Kat, Jane, and Sutton (as well as the rest of their colleagues) respect Jacqueline and are sometimes intimidated by her, but more often than not these women are met with logical, motivational, and helpful advice from their boss. Jacqueline clearly has a vested interest in the success of her employees, which is a breath of fresh air when compared to the narratives about bosses we’re used to seeing on TV and in other fictional mediums in which editor-in-chiefs are more likely to be similar to Miranda Priestly (the notoriously difficult boss from The Devil Wears Prada, portrayed by Meryl Streep) than a compassionate boss who still cares about their publication succeeding.

Throughout the season, the show reveals bits and pieces of Jacqueline's own professional journey and her personal history that led her to running Scarlet magazine. In the season finale, for example, viewers even see Jacqueline explain how she’s a sexual assault survivor — and equally as important, we see her support her employees time and again, constantly teaching lessons about the significance of work, relationships, and everything in between.


HATE: The show’s intersectionality only goes so far.


The women of The Bold Type tend to drop a lot of buzzwords as they walk-and-talk through their offices. They talk about feminism, and intersectional feminism in particular, as if it is their job — and in a way, it is. They say the words over and over again, and it’s clear that for the series’ central characters, modern feminism is a responsibility not to be taken lightly. But there seems to be a place where the well runs out, at least in the show’s first season. There is time ahead for a deeper dive, for all of these characters. But in its first season, The Bold Type did what most shows spouting feminism still sadly do: It still centered whiteness, despite having a relatively diverse cast that includes two queer women of color. It would be easy for them to rectify this: All they have to do is acknowledge the elements at play, and show the full context of what these characters are dealing with and how they’re different from one another. As noted earlier by Sylvia, the show completely glosses over race. And though it has queer characters and a great queer love story, there’s still so much left to be done with Kat’s realization that she is not as straight as she once believed. I’d love to see an acknowledgment of where Sutton and Jane might not understand Kat’s experience — in her sexuality or her ethnicity — and where they hold more privilege than her, by default. I’d love to see them actively talking that out. I’d love to see someone actually use a term like “bi” or “pan” when it comes to Kat, as a lot of shows are still contributing to erasure by avoiding them. I’d love to see The Bold Type really show it understands how characters like Kat and Alex might feel in a newsroom still largely dominated by white women, even if those white women have the best of intentions. And I’d love to see them put their intersectionality into action, not just in one part of one storyline but in every part of this show.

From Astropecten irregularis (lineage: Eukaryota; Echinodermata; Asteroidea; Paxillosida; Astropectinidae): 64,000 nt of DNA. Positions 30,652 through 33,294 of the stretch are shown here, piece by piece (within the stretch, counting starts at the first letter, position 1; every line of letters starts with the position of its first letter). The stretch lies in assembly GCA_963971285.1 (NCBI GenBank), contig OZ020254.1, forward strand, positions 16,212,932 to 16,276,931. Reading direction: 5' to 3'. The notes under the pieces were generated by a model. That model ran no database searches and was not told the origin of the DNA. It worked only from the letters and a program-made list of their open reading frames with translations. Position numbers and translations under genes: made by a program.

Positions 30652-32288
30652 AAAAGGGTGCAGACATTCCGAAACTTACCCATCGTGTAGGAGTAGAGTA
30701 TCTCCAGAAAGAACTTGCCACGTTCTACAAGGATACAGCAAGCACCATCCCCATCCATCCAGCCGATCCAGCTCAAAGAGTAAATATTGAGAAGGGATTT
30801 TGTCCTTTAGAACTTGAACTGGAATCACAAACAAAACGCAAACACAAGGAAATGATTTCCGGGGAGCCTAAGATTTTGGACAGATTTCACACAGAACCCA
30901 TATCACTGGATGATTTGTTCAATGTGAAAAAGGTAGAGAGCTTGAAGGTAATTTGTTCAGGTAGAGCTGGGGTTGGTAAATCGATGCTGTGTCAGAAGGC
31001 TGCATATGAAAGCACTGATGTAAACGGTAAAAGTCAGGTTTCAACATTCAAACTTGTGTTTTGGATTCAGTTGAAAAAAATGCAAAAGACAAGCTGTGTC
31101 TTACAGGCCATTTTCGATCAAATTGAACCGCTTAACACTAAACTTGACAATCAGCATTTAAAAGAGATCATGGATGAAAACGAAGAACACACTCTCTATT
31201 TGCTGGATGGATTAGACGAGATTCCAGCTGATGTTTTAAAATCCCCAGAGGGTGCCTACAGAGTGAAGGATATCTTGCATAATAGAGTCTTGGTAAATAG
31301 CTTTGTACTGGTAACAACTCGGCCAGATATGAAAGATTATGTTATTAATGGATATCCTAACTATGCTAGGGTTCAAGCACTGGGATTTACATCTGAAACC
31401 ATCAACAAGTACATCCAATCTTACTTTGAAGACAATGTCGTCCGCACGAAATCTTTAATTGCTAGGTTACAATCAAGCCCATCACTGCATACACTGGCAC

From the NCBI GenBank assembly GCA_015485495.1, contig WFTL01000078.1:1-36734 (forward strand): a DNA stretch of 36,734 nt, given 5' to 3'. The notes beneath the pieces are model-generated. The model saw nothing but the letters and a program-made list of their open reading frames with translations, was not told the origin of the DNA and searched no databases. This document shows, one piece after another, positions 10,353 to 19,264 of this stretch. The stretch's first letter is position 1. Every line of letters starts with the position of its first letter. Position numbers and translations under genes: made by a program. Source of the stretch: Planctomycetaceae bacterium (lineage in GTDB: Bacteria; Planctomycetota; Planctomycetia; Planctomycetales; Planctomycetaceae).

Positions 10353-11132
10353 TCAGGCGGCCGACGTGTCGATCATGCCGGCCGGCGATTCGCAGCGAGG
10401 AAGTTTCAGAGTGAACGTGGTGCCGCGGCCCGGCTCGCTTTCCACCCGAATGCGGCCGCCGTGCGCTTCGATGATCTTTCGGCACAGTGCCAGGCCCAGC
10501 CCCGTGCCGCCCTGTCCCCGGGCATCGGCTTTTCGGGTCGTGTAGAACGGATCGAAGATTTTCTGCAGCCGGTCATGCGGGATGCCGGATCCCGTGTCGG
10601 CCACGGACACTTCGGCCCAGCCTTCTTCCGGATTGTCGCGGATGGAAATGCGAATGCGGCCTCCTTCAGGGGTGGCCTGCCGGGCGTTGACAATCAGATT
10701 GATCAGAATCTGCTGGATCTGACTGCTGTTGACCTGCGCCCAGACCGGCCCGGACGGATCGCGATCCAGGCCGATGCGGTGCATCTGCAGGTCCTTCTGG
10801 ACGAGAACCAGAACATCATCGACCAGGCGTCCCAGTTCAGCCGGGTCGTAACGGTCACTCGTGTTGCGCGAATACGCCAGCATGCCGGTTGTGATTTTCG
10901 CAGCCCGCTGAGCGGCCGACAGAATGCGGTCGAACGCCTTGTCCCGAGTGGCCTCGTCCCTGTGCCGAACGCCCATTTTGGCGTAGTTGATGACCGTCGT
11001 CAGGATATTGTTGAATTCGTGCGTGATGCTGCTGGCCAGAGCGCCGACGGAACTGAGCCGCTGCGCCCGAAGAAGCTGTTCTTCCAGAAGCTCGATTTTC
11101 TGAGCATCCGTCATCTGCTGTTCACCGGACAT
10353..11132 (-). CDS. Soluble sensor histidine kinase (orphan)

In other words, I want to see this series really commit to walking the walk, because it’s a great walk when it’s done right.


A BuzzFeed News investigation, in partnership with the International Consortium of Investigative Journalists, based on thousands of documents the government didn't want you to see.